If an employer says no phone calls, though, that may just mean he or she doesn't prefer phone contact. Certainly it
No phone calls does NOT mean no emails, faxes, or mail. A postcard to a bus manager means they don't even have to open an envelope to read your message. If an ad does not say no phone calls, you may still have difficulty determining who the hiring manager is, when interviews will begin, and how best to impress the employer.
A receptionist or automated phone system may be "employed" (pardon the pun!) to keep you and your follow up efforts at bay.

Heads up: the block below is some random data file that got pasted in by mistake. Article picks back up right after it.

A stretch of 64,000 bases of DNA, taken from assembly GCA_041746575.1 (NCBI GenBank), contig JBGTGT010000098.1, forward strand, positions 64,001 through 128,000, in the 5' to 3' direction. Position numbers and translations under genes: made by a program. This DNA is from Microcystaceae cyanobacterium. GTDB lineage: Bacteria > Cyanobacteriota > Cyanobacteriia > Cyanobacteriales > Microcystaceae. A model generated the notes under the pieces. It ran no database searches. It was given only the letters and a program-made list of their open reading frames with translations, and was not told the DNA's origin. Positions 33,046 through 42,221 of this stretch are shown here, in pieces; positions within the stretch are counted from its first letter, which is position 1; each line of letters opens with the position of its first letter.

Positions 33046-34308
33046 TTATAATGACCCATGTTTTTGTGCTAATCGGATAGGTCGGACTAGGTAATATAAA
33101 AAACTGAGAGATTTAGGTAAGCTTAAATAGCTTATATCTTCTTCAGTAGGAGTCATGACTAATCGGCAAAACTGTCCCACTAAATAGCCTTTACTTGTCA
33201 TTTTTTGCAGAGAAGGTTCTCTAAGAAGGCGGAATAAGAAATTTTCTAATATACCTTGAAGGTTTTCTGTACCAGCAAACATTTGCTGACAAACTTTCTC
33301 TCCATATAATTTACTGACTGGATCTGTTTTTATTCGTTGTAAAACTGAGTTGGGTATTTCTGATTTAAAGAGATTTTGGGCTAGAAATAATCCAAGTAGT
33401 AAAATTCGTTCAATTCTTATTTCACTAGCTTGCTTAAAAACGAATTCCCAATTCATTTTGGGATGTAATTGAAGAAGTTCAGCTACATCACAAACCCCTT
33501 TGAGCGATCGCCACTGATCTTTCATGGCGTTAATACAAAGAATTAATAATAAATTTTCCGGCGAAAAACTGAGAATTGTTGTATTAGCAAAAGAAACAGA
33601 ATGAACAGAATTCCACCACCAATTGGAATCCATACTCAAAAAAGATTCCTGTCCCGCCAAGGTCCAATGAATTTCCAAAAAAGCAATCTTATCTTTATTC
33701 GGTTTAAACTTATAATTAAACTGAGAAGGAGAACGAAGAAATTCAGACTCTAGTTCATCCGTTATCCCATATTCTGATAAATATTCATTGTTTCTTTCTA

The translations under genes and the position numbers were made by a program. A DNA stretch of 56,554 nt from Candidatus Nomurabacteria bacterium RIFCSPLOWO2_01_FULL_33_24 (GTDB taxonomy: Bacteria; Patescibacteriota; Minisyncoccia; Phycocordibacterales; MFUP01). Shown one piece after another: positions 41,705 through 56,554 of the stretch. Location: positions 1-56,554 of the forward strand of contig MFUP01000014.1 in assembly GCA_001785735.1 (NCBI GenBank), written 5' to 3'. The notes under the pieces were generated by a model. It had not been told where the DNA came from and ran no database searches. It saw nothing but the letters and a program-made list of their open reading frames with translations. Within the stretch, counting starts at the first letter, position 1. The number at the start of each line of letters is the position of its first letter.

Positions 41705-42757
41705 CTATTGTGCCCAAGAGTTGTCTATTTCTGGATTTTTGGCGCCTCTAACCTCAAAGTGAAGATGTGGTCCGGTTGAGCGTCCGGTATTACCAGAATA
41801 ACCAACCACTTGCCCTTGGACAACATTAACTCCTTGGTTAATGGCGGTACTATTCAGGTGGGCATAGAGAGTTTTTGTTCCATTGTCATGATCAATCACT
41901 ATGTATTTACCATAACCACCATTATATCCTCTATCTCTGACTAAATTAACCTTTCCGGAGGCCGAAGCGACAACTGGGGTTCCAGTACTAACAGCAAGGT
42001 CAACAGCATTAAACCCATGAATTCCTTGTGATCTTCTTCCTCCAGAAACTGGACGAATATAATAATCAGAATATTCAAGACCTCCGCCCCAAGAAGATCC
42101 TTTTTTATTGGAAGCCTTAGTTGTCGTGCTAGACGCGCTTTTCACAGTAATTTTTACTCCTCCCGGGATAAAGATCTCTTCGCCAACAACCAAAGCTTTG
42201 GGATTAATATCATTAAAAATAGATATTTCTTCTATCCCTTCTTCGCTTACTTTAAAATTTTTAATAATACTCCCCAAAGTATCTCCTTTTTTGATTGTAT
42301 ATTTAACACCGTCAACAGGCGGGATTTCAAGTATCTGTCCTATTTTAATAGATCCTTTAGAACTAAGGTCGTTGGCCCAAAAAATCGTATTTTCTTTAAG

To overcome an automated phone system try:
- Listening to a directory -- sometimes they provide titles!
- Pressing 0 for receptionist or # or * for other options
- If you have to leave a message do so: This is FirstName LastName, a counselor, I am extremely interested in the ______ position and wanted to make sure that my application was received and to schedule an interview if possible. My number is ___________.
- Butter her or him up - "Thank Heavens, finally, a friendly voice. I know it seems silly, but I don't trust the computer applications and I wanted to double check that my resume has been received by the right person. Can you tell me who that is or put me in his or her voice mail?"
- If that doesn't work, ask if they know when interviewing or hiring will take place? Anything at all they can share?
- If you reach a service or general voicemail. Leave a message for the "Director" or other likely appropriate title and give your name and number and ask for a return call.